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The Realities Of TEFL At A Summer Camp.

by Aishwarya Gaikwad
The Realities Of TEFL At A Summer Camp.

Ah, summer! The warmer weather, the brighter skies, the longer evenings, the freedom from term time obligations. It sounds wonderful – but the long weeks that stretch ahead of you might become boring after a while, a bit non-productive and you might miss the structure and routine of school life (if not the marking!). So what’s the antidote to this? Where can you make use of your skills and keep yourself occupied? If this sounds like a familiar dilemma, then look no further than summer schools. TEFL is a valuable skill to have, and once you’ve completed your course and received your certification you’re going to have a broad range of opportunities for using it. Teaching is a profession that will never die out – indeed it’s one of the career choices that is safer from the effects of the awful pandemic than a lot of others. TEFL at a summer school is a great way to occupy yourself during the long holidays – and make some money as you do so. 

Summer camps are held internationally across America, Europe, Asia and the UK. It’s not as easy as teaching in a structured school, but it’s arguably more rewarding. In the UK these camps are usually held at a residential school that’s closed for the summer, boarding schools basically, that are set up for pupil learning and accommodation. In the UK you will get students of all nationalities, but if you teach abroad, in Spain, say, then you’re likely to just get Spanish pupils.

The Role.

This will differ from camp to camp, but you’re usually looking at teaching English in a block, maybe three or four hours a day in the morning or the afternoon, with the rest of the time devoted to activities. Deciding whether or not to be campus-based is important. If you are then you can expect more inclusion, a more intense schedule and less time off. If you choose to live off-site then you get more free time, but it’s also more expensive and you’ll have a commute to do. The main reason why teachers prefer to stay off-site is to give themselves a bit of headspace away from the camp to re-energise in the morning. 

Preparation.

You can probably expect an induction meeting with the Director of Studies, possibly with other teachers, possibly not. You’ll go over the basics of the role, you’ll be shown around campus, where you can access resources and materials and be given guidance on how to structure a class. It’s good for learning the layout and becoming familiar with your working environment for the next few weeks. The contracts differ in length, but they’re generally between two and six weeks, depending on how long you want to be there. 

First Day.

You’ll still have some orientation scheduled and you’ll meet the group leaders, these are the adults who have travelled with their group of children from their home country. They’re usually staff or teachers from a language academy or school and specific to TEFL. However their role at a summer camp is likely to be just pastoral, a familiar point of contact for the children if they’re upset or homesick or just very excited about how well they’ve learned something!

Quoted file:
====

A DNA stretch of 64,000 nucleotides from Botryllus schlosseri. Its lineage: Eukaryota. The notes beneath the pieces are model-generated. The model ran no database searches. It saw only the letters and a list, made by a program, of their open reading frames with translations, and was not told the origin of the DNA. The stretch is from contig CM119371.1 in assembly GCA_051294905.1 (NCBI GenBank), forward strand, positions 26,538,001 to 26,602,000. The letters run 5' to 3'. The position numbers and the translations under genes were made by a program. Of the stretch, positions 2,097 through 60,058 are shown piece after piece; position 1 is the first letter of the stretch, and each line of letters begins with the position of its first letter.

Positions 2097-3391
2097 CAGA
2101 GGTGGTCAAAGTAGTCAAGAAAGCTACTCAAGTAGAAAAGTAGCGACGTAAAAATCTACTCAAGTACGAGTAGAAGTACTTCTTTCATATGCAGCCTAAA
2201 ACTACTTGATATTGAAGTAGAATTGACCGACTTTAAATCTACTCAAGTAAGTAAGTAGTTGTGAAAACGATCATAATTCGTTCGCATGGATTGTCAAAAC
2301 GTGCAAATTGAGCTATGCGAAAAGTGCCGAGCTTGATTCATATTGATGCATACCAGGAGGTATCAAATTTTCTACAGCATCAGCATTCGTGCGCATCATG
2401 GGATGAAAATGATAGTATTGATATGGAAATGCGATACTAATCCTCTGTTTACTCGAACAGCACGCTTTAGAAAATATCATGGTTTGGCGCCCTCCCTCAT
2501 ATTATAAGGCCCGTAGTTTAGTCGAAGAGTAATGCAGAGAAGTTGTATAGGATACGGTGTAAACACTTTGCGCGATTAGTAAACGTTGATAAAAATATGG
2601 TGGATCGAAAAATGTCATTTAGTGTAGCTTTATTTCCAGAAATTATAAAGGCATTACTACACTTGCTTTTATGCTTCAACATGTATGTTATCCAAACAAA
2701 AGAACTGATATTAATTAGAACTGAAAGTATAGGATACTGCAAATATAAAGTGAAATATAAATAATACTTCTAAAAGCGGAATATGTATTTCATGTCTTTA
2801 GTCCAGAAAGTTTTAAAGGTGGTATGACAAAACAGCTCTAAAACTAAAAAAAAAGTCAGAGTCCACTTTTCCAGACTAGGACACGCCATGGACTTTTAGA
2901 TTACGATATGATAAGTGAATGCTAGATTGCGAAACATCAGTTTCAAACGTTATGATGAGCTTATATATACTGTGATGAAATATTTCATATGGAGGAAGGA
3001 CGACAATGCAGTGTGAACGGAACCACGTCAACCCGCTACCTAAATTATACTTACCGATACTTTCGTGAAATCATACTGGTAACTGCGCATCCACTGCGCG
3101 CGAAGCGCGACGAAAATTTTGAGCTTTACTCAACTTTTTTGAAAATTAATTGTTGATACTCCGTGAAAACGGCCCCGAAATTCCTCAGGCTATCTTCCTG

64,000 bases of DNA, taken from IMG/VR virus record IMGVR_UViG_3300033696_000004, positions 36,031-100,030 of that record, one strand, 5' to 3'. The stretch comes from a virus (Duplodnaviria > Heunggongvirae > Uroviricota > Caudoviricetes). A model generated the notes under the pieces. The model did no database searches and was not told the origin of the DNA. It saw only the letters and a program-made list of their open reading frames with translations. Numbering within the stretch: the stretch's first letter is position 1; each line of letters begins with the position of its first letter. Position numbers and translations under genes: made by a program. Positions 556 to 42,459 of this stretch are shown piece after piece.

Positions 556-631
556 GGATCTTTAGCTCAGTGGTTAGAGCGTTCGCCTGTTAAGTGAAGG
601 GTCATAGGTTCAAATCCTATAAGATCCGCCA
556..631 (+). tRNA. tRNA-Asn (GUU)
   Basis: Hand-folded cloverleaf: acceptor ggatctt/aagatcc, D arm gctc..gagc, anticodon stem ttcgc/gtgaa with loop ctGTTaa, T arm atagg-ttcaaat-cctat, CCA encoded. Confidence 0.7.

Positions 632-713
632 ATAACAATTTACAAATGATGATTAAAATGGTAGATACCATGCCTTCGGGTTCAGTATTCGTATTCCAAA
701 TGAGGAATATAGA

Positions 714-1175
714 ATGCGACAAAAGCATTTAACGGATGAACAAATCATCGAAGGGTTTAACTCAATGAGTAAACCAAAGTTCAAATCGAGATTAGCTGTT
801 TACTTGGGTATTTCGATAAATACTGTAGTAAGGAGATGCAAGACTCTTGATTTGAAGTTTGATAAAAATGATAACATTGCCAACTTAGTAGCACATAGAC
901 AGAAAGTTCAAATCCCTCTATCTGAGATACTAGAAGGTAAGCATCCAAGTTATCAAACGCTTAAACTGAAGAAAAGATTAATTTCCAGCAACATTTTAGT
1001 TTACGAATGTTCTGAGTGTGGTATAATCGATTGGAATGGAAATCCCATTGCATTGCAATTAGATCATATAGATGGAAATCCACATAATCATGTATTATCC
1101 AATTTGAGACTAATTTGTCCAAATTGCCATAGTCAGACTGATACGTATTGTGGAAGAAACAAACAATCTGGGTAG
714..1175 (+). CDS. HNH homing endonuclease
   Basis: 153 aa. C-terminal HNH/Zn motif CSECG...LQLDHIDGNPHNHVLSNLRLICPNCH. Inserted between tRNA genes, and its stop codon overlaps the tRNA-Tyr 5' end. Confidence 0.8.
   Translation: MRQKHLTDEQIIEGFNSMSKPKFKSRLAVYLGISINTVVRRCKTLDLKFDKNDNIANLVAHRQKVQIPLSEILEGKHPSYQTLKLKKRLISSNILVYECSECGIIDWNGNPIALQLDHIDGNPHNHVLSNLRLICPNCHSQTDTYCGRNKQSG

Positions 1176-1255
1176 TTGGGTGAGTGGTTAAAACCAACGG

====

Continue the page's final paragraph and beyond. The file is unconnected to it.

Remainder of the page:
For the students there will be placement tests and then the classes created. 

The Teaching Itself.

If you’re on campus, great, if not then you’ll generally be expected at around 8:30am, ready for a 9am start. The classes are small, usually no more than 15 pupils, which gives you plenty of time to focus on child as necessary – there’s always someone needing attention! You’ll use lots of Powerpoint presentations as standard, all pre-prepared, and the themes will differ day to day. Students are given a planner so they can keep track of everything. 

Apart from teaching, there will also be activities to run in the afternoon and one full day at the weekend. You won’t be responsible for planning the activities, like shopping or playing sports, that will all be down to the activities manager, so it’s just left to you to enjoy them!        

One cohort of students normally stay two weeks and the rota remains the same for the following two weeks, et al. So try and put bits in there that you enjoy and also make a note of which lessons or activities the pupils seemed to like the best – it will make your life easier!

Professional development opportunities.

Honestly speaking, they probably aren’t that great here. The role is a pretty limited one and most people are working at the same level so there isn’t progression through the ranks, so to speak. You can observe other classes to see different teaching styles, and get feedback on your own, but there probably won’t be time for CPD meetings. 

Excursions.

This is one of the best parts, getting out and about to places that you may not have visited on your own. Plus, it’s great for getting to know the students outside of the classroom. Creating more of a bond with them will make it easier to teach them. 

Money.

Being honest, this is probably a major part of deciding to work at a summer camp. Termtime employment is all very well, but it does leave the long stretch of summer unpaid and working as an EFL teacher at a camp over those weeks can bridge the gap nicely. A standard salary is between £200-£400 per week. It’s a non-management, residential possibilities and it’s great for gathering experience together to help you move forward in your career. 

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